Last year on Good Friday I gave a talk at church. It’s the first talk I gave since a horrendous experience giving a talk back when I was 15. So it was a proud moment for me, and I spoke about two of my passions, faith and climate change:
(Content: faith and climate change.)
“Gary gave me Mark 15:40-42 and 47 to reflect upon:
“Some women were watching from a distance. Among them were Mary Magdalene, Mary the mother of James the younger and of Joseph, and Salome. 41 In Galilee these women had followed him and cared for his needs. Many other women who had come up with him to Jerusalem were also there. (…) 47 Mary Magdalene and Mary the mother of Joseph saw where he was laid.”
When Gary initially gave me this passage, I thought, what’s this about then? It didn’t seem to have any relevance to our modern lives, in fact quite the opposite. In the UK, we have never lived lives as seemingly divorced from brutal and unnecessary death as we do now. I’m 32, and I’ve only been with one person as they died – my granny, and she was 85 and in hospital. How could I relate to these people watching the untimely, tragic execution of their loved one?
And then, earlier this month, the Beast from the East struck – an unseasonably cold and vicious storm – at the same time as the Arctic was experiencing it’s mildest winter probably ever. And I thought, I do know a little about how these women feel.
See, when I was a child my dad studied sustainable development. He became very afraid of climate change and it permeated everything about our home life. From when I was 12, he spoke to me about believing that we as humanity would not manage to avert an imminent apocalypse of our own making. And from that time, I have had this feeling of watching the world dying and being unable to do anything – just as these disciples watching Jesus die must have felt trapped, powerless, grief stricken and unable to help.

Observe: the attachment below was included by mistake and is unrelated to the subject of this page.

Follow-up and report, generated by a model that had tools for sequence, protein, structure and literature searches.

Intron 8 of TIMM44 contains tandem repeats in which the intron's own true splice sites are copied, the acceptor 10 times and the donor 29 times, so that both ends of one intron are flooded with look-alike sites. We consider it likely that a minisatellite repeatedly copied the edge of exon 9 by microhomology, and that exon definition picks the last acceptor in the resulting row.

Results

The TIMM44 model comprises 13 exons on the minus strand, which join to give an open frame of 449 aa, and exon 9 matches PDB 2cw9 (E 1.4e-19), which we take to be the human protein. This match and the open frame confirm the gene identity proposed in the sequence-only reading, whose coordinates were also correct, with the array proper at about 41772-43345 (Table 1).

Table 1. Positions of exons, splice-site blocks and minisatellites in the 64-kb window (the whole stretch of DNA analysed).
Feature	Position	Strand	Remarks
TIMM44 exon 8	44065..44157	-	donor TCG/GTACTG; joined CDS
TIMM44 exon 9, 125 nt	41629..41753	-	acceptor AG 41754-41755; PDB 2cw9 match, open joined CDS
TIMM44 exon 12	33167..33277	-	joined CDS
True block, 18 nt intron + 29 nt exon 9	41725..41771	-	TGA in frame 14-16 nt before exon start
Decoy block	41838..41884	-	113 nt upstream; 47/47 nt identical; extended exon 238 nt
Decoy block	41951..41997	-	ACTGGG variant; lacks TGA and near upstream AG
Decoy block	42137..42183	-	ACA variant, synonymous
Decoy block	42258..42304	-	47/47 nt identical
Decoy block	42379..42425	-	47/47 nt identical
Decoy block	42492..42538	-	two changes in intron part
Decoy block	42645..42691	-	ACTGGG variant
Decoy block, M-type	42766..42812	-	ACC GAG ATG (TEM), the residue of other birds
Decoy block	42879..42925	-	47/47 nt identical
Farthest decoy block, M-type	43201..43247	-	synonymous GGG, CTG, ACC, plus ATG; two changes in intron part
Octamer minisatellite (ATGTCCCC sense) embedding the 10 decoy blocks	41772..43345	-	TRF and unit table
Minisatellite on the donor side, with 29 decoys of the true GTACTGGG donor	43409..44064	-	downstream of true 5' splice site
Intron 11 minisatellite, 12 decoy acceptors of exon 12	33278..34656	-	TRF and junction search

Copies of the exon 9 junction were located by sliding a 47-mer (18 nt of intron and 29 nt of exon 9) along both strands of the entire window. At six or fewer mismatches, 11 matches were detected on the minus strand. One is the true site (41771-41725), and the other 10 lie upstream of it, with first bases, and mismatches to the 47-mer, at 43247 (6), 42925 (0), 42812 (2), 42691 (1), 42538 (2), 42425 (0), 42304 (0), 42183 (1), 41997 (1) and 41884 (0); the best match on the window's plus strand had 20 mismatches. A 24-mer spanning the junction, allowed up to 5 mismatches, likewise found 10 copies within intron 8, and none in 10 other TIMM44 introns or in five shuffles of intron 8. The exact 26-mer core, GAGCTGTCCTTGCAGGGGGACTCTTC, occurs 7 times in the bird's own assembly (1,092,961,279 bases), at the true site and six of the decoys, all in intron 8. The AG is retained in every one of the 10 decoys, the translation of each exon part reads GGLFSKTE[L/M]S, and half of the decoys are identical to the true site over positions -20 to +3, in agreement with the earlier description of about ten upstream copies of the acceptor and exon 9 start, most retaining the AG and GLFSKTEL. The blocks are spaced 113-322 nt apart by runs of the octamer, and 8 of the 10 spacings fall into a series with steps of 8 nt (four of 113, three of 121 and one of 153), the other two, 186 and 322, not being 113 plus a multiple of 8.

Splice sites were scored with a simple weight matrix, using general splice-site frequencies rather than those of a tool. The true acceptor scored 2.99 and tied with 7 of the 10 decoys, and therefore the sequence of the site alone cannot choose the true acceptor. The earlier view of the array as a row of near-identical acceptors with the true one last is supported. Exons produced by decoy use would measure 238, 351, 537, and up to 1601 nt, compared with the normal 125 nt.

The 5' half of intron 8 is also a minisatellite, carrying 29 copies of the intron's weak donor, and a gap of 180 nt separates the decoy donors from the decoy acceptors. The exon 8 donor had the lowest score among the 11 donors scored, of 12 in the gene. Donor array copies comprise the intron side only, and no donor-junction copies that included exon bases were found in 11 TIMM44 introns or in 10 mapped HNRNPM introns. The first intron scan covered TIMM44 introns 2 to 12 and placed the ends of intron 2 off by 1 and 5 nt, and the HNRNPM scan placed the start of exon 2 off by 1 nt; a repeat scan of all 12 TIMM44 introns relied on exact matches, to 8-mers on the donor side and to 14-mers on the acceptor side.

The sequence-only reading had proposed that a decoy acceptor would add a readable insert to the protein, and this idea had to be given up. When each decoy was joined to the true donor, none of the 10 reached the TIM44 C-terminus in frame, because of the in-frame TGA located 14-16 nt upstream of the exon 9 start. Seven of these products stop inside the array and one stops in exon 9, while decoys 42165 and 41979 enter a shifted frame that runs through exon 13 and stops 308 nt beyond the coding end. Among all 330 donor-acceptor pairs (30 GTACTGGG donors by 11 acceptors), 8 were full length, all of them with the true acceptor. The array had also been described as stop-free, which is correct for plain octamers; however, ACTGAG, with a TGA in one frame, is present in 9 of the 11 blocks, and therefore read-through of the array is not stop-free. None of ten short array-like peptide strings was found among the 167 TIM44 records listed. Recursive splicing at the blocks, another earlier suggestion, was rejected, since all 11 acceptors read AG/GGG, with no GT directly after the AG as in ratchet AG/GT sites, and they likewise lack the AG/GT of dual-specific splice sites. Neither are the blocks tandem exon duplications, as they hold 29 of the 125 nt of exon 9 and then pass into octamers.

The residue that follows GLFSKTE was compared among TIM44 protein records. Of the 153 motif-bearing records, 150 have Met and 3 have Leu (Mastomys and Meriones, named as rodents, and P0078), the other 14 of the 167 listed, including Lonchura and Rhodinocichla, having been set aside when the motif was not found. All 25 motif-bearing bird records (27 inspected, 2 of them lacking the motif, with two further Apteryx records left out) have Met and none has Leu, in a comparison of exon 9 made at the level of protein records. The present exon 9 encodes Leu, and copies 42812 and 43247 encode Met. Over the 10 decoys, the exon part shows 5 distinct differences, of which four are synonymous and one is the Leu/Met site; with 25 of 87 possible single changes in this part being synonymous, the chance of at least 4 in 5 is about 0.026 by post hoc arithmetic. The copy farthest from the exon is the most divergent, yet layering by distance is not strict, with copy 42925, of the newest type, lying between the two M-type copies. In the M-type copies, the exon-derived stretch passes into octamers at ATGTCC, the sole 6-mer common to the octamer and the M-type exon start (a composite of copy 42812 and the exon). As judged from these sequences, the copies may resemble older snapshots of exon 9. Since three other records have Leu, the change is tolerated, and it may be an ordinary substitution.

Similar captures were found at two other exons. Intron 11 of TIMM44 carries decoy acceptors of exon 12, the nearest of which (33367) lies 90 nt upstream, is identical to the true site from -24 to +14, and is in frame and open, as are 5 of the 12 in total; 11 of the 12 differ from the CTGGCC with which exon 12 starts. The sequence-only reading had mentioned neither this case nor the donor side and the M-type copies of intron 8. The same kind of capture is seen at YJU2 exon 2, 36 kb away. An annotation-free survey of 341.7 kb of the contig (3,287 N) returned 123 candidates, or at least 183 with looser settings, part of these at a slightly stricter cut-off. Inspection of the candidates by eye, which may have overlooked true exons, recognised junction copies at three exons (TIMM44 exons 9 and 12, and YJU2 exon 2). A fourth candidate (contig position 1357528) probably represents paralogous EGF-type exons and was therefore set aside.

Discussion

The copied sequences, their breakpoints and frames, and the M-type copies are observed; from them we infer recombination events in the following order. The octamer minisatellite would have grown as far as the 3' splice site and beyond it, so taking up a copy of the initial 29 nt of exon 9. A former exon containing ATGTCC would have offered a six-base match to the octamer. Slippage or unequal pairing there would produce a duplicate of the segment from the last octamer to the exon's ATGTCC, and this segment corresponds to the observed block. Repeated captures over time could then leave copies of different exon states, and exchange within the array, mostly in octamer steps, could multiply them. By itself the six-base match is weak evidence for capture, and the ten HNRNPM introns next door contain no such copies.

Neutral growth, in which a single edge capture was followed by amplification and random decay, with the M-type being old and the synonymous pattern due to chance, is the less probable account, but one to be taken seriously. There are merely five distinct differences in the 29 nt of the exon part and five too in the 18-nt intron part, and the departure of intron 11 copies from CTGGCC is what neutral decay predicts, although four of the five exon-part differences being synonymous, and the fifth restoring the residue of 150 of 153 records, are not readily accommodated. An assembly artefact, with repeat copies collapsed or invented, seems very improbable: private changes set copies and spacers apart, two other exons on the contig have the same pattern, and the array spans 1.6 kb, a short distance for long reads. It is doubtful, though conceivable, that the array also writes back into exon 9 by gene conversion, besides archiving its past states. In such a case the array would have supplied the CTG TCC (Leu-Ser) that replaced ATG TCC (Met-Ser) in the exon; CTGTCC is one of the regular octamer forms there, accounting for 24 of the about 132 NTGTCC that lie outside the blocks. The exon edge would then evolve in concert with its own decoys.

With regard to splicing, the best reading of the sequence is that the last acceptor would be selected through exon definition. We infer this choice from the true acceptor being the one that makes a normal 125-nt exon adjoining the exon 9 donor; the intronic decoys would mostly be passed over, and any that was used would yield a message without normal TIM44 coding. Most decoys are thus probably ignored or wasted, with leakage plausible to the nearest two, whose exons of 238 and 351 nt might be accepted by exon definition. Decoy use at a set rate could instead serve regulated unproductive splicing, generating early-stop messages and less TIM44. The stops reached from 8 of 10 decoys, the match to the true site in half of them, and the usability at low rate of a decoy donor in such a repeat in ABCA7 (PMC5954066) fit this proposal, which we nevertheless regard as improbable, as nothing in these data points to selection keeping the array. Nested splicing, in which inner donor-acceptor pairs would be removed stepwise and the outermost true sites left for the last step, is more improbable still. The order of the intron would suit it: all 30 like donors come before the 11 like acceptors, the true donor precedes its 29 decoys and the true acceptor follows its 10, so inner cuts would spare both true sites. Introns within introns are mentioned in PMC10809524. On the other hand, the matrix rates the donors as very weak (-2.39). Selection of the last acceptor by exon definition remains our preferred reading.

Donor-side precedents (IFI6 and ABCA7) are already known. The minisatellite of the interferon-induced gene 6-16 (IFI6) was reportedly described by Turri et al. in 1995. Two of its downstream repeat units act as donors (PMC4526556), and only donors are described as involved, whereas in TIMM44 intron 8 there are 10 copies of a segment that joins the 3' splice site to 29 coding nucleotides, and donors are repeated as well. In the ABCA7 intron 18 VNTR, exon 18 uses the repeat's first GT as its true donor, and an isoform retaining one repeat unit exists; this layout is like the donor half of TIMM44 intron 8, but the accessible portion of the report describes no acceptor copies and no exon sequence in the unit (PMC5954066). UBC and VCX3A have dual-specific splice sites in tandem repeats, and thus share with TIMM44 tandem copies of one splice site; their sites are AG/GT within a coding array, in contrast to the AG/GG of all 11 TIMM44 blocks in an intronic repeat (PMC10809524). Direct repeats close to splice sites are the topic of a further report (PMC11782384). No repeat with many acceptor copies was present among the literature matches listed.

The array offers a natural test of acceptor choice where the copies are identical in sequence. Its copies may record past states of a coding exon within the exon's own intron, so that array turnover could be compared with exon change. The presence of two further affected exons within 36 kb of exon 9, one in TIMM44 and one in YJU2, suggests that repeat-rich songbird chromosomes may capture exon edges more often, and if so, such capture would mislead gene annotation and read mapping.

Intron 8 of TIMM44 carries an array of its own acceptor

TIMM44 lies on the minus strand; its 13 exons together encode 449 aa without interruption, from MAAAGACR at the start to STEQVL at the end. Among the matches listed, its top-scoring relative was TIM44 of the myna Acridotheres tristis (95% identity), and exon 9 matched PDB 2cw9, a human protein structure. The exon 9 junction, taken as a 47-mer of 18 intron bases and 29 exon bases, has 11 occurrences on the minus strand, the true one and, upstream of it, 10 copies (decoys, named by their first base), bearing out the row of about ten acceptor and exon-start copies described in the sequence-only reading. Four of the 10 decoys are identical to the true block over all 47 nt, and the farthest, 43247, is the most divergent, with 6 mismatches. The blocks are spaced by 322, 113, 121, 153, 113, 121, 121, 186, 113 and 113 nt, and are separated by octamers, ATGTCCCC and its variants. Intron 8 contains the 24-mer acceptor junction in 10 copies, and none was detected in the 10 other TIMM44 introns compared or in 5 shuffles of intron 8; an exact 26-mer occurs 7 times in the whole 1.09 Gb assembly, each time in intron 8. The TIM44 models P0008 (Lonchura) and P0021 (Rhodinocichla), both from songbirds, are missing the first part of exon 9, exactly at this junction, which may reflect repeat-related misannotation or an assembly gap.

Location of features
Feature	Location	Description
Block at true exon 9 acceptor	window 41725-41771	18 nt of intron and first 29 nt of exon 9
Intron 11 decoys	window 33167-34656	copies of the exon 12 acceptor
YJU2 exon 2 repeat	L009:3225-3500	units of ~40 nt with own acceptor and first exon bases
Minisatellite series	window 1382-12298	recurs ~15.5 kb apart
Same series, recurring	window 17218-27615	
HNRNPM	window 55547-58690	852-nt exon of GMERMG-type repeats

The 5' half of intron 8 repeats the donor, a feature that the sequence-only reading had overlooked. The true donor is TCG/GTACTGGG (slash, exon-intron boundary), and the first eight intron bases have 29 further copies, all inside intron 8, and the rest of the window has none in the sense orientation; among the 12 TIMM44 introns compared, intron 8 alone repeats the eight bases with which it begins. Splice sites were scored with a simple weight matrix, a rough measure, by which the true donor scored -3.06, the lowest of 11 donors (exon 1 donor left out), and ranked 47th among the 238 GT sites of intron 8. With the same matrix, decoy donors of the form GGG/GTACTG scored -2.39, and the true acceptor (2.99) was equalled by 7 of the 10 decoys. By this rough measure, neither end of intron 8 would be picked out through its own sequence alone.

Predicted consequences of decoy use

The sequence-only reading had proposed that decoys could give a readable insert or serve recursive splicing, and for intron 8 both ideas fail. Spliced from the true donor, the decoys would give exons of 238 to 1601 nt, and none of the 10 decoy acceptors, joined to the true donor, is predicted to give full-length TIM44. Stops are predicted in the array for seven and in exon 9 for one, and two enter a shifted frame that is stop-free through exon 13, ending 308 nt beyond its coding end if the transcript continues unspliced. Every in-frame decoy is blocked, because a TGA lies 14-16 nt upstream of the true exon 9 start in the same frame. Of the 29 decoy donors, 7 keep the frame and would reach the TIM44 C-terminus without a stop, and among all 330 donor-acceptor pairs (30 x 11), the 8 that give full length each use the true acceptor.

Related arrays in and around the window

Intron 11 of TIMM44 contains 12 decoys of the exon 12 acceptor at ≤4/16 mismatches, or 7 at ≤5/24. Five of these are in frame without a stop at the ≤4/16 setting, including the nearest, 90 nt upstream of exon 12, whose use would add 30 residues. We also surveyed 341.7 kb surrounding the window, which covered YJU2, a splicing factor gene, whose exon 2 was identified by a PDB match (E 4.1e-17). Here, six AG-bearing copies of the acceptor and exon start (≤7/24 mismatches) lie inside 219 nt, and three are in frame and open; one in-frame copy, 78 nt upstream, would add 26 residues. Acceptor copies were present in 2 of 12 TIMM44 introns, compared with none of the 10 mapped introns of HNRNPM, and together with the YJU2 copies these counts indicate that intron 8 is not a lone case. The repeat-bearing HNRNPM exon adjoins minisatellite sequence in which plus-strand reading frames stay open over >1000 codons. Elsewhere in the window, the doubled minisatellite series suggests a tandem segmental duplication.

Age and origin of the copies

We might be largely removed from the sight of death in modern Britain, but we are not removed from our contribution towards causing it, potentially on a larger scale than the world has ever known.
These women who sit beside Jesus in his crucifixion are not all of his disciples, they are not even part of the famous twelve. One of the famous twelve has already betrayed Jesus to death. Another has betrayed Jesus through abandonment. It seems that only a small minority of his followers are willing to stay with Jesus through his suffering.
Two thousand years later, I feel like Judas in his betrayal more often than I care to admit. I make choices all the time, knowing full well that my choice is not choosing life for my children’s generation, for the poorest in the world, or for the animal species dependent upon us for so much. Our society tempts us, doesn’t it. Just buy the cheap outfit. Just buy the flight; the new car; the heavily packaged food. It even has a way of telling us that these things are for our best.
I have also been Peter in this moment. When I was younger, I ran away. I tried all sorts of things to forget about my responsibility towards God and his call. I shopped, I spent time with friends, I took nice holidays, I had a lot of flings, and I drank. I drank a lot. In some ways it was easier.